“Just as cognition establishes a relation between knower and known, and thus turns a thing into an object of knowledge, but does not thereby cause it to exist or to have the particular nature that it has, so too our desiring establishes a relation between the desirer and the desired, and thus turns something into an object of desire, but does not thereby cause it to exist or to have its particular nature. The relationship of dependence is one-way in both cases. Cognition depends on the object cognized in order for there to be truth, and desire depends on the object desired in order for there to be goodness. In both cases, the object provides the standard or measure.” ~ Douglas Den Uyl and Douglas B. Rasmussen
"To be a man was to be responsible. It was as simple as that. To be a man was to build something, to try to make the world about him a bit easier to live in for himself and those who followed." ~ Louis L'Amour
"But that is the beginning of a new story—the story of the gradual renewal of a man, the story of his gradual regeneration, of his passing from one world into another, of his initiation into a new unknown life. That might be the subject of a new story, but our present story is ended." ~ Fyodor Dostoyevsky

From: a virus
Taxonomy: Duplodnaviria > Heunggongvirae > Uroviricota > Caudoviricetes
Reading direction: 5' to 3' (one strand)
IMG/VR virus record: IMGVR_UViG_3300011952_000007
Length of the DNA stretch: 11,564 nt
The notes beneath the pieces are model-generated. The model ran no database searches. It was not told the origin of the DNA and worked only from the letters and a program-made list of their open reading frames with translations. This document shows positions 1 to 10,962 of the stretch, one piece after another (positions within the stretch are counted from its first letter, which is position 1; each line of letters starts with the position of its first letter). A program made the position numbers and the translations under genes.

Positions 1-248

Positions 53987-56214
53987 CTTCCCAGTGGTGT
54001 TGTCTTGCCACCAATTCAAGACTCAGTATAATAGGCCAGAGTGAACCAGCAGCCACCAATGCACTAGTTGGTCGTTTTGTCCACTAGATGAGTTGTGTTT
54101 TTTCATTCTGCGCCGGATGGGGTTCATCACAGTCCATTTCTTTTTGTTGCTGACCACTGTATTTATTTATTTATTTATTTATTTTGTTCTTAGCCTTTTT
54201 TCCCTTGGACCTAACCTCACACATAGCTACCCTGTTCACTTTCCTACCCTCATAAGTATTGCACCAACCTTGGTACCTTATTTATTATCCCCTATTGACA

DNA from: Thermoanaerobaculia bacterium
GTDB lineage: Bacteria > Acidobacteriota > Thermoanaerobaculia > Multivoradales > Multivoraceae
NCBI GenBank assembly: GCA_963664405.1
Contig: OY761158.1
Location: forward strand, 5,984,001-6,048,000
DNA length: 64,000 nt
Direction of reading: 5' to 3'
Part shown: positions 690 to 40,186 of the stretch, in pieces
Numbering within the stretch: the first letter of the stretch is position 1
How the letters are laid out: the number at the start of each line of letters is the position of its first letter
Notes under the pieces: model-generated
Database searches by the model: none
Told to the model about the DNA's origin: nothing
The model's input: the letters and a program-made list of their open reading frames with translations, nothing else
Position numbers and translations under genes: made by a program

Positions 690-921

"As language is the faculty which distinguishes man from the lower animals, it is also a ready index to the intellectual level of cultures and persons. The confusion and vagueness of terms always found in collectivist theories is not accidental; it is a reversion to the mental and verbal limitations of the primitive society it advocates, the inability to think in abstract terms." ~ Isabel Paterson
"Everyone must understand philosophy, because even arguing against the practice of philosophy is itself a form of philosophizing. The best form of philosophy is the contemplation of the universe of nature; it is for this purpose that God made human beings and gave them a godlike intellect." ~ Aristotle
"If peace were the goal of today's intellectuals, a failure of that magnitude -- and the evidence of unspeakable suffering on so large a scale -- would make them pause and check their statist premises. Instead, blind to everything but their hatred for capitalism, they are now asserting that "poverty breeds wars" (and justifying war by sympathizing with a "material greed" of that kind). But the question is: What breeds poverty? If you look a the world of today and if you look back at history, you will see the answer: the degree of a country's freedom is the degree of its prosperity." ~ Ayn Rand
"No matter how vast your knowledge or how modest, it is your own mind that has to acquire it." ~ Ayn Rand
"Not only have intellectuals been insulated from material consequences, they have often enjoyed immunity from even a loss of reputation after having been demonstrably wrong." ~ Thomas Sowell